Preserve me, O God, for in you I take refuge. I say to the Lord, “You are my Lord; I have no good apart from you.” As for the saints in the land, they are the excellent ones, in whom is all my delight. The sorrows of those who run after another god shall multiply; their drink offerings of blood I will not pour out or take their names on my lips. The Lord is my chosen portion and my cup; you hold my lot. The lines have fallen for me in pleasant places; indeed, I have a beautiful inheritance. I bless the Lord who gives me counsel; in the night also my heart instructs me. I have set the Lord always before me; because he is at my right hand, I shall not be shaken. Therefore my heart is glad, and my whole being rejoices; my flesh also dwells secure. For you will not abandon my soul to Sheol, or let your holy one see corruption. You make known to me the path of life; in your presence there is fullness of joy; at your right hand are pleasures forevermore. (Psalm 16.1-11)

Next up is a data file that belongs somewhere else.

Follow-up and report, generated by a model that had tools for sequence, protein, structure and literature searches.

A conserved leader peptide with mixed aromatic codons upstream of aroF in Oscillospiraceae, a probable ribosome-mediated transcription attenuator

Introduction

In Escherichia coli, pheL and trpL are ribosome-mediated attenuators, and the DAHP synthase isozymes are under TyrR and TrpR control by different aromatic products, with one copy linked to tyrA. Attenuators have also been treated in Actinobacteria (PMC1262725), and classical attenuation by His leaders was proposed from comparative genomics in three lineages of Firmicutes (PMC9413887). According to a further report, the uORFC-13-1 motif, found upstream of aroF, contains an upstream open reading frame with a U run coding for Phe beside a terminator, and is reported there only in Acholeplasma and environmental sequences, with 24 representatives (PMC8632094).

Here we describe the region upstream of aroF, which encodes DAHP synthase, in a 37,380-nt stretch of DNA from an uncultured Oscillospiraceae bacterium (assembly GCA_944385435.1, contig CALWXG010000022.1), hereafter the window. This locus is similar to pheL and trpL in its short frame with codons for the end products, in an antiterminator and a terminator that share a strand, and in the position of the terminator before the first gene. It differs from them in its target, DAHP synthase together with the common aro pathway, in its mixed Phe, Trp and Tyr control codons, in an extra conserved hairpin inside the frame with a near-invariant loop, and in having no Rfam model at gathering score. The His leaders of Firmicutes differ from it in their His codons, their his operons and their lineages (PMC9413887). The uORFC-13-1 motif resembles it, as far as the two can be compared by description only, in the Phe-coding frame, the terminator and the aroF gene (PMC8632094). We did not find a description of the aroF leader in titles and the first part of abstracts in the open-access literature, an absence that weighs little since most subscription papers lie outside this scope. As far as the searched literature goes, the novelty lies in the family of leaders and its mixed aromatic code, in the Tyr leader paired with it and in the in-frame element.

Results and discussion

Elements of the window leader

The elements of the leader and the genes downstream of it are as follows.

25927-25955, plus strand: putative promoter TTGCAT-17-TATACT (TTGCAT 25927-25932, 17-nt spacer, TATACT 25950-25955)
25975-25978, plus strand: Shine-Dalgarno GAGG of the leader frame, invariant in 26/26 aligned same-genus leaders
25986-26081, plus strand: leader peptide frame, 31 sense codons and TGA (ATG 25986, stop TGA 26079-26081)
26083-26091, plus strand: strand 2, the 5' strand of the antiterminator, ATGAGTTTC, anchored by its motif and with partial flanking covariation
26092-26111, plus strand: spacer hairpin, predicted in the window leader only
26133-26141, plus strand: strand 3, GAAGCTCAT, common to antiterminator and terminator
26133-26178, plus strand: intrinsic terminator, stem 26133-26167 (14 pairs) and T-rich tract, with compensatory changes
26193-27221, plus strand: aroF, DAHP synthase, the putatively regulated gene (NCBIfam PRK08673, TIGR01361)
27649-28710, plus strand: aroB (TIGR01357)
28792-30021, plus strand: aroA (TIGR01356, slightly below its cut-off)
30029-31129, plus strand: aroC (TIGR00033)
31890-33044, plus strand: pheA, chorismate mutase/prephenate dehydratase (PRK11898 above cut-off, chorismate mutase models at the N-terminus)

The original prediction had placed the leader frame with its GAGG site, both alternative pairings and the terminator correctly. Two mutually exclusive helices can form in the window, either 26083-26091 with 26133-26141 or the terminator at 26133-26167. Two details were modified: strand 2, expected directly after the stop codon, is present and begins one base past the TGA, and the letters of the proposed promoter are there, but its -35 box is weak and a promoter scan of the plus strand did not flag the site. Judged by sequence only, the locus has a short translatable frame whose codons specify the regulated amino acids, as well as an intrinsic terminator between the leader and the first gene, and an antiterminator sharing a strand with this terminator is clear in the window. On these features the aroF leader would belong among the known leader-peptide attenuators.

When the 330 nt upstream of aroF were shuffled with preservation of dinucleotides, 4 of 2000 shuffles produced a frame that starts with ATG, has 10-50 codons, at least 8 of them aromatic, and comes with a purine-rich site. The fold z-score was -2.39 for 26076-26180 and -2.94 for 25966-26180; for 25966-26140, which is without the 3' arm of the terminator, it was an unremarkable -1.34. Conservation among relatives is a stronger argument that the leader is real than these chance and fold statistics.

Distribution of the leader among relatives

The confession of verse 11 was not made in a vacuum. David had watched as others around him tried to deal with the sorrows and struggles of life. Some ran after other gods, hoping to find refuge and joy but only to find a multiplication of sorrows (Psalm 16.4). They placed their false gods before them, calling upon their name day after day, even offering sacrifices and trying to please them. Not only were they silent to answer, but they actually made their misery and sorrows worse.

We forget that false gods are more than just a silent hope. Any offering that we make to an idol, whether an image carved out of wood or an idol of money and greed, is really an offering made to demons.

What do I imply then? That food offered to idols is anything, or that an idol is anything? 20No, I imply that what pagans sacrifice they offer to demons and not to God. I do not want you to be participants with demons. 21You cannot drink the cup of the Lord and the cup of demons. You cannot partake of the table of the Lord and the table of demons. 22Shall we provoke the Lord to jealousy? Are we stronger than he? (1 Corinthians 10.19-22)